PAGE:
As I write this, I am stuck in a small town in Ohio after an accident on the freeway on my way home from a conference. (I hit a semi wheel that came off a truck and smashed my car’s suspension system. I’m fine but, sadly, my car is not.) Whether it’s a semi wheel, a sick child or spouse, our own illness, family issues, or something else, at some point in our academic career, life gets in the way of our work.
Spring break looms and whether we’re fretting about baring a little skin after the long winter months or preparing to hunker down to get some work done, this time of year often prompts the desire to develop better habits. For some, the longer days and (slightly) warmer weather may motivate us to kickstart our exercise routine.
Would having more time really make a difference in our productivity? Most of us would say yes – more hours would mean we could get more work done. However, productivity blogger, Scott H. Young, argues that focus rather than time dictates our output. Just turning off the phone, laptop, internet or locking yourself away for hours isn’t enough to maintain your focus.
What digital skills, technologies, and tools should we develop while in graduate school? And how do we do that? I’ve put together a few suggestions and hope readers from a variety of disciplines will offer additional ideas in the comments section below.
“A synthesis of cognitive research endorses the idea that deep understanding of subject matter transforms factual information into usable knowledge. Knowledge learned at the level of rote memory rarely transfers; transfer most likely occurs when the learner knows and understands underlying concepts and principles that can be applied to problems in new contexts. Learning with understanding is more likely to promote transfer and application than simply memorizing information from a text or lecture.”
When asked about how you're doing on your academic work, does your heart race, adrenaline spike, or do you just go numb? If you answered, “yes” to any of these questions, you are in “triage” mode, just trying to stem the bleeding of your time and energy enough to complete your tasks and (hopefully) get a few hours of sleep. However, you probably want more out of your life and work than this.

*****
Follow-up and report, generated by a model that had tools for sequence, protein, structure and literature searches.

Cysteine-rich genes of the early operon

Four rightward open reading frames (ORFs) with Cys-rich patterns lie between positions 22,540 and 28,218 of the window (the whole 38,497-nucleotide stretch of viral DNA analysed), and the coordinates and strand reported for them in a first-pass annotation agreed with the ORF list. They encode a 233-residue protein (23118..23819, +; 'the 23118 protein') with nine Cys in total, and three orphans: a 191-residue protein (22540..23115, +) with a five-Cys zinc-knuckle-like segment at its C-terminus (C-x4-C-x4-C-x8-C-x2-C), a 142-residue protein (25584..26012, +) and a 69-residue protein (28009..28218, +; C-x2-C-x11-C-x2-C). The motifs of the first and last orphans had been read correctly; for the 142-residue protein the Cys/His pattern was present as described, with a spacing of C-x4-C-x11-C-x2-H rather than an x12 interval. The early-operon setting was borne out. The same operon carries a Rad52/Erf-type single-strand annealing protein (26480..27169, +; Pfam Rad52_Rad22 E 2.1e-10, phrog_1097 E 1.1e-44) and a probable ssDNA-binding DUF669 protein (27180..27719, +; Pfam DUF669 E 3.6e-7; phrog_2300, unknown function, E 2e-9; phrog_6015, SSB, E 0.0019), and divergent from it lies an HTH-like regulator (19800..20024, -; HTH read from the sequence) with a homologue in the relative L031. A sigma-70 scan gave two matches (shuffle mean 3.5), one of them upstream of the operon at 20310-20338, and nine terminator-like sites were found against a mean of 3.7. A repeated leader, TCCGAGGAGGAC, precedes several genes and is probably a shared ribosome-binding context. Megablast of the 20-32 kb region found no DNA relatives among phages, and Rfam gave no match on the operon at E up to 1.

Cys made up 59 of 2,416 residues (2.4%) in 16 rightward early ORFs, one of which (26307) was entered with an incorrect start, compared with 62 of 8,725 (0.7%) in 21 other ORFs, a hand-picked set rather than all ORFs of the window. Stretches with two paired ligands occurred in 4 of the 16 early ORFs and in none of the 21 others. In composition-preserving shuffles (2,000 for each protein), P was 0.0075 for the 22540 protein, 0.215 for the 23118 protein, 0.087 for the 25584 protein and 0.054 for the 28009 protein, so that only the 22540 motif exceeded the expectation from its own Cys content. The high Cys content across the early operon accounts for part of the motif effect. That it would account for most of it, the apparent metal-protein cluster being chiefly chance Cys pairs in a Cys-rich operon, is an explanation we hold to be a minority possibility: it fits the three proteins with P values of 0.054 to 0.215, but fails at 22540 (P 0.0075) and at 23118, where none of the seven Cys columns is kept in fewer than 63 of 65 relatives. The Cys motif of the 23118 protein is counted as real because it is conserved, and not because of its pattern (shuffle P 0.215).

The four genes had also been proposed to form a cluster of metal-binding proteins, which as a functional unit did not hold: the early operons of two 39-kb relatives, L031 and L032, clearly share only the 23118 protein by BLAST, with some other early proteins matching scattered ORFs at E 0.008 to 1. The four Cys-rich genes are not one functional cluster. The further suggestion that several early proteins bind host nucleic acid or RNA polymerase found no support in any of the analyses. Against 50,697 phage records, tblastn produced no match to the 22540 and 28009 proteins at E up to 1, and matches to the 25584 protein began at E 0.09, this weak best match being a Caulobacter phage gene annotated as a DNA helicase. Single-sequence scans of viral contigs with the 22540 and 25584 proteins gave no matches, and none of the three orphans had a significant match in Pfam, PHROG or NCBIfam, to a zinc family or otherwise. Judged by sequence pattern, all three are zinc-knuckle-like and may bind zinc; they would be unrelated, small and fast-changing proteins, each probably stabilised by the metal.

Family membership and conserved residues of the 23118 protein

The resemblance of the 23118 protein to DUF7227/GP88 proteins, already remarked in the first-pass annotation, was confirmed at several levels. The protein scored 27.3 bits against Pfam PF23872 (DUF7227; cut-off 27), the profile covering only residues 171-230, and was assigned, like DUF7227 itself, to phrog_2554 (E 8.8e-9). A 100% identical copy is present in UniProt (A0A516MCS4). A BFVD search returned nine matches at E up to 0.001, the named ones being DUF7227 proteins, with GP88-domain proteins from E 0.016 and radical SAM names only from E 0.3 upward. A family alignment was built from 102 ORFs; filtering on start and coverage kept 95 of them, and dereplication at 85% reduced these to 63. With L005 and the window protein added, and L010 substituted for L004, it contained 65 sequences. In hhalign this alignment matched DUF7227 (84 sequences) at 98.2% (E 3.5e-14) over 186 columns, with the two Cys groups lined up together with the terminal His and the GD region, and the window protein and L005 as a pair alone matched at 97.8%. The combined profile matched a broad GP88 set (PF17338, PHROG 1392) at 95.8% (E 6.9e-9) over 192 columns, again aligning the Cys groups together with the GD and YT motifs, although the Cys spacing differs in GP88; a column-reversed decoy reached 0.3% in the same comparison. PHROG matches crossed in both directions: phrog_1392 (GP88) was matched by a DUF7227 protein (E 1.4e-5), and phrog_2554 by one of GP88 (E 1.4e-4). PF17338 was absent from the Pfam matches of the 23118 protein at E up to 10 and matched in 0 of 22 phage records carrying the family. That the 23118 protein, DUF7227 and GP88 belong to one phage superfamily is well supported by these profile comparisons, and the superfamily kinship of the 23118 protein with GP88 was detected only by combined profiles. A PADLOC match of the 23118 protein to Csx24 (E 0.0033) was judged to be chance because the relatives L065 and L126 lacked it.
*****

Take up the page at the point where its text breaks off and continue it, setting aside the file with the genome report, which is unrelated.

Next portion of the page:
As we prepare for a new school year, many of us will write lectures either by choice or because we feel or are told we must. I confess that I don’t like to lecture; I much prefer to facilitate student discussion, which places the responsibility for learning back on the students themselves. We have all experienced mind-numbing lectures and (most of us!) have vowed not to do that to our own students, but how do we break out of the mold in which we have been shaped?
I love to travel, so I was excited when I began to put ideas together for my dissertation and realized that I needed to conduct research in France and elsewhere. My husband, on the other hand, was not thrilled, and who can blame him? Research takes a long time, and we might have to be apart for weeks or even months. By the time I finish my research, we will have had to find creative solutions to make our long-distance marriage work for more than a year. We’re already more than half-way there and have found that despite the crazy schedule and the physical distance that has separated us, we feel closer now than ever before. While I won’t claim that we have everything figured out, we’ve learned a few things along the way.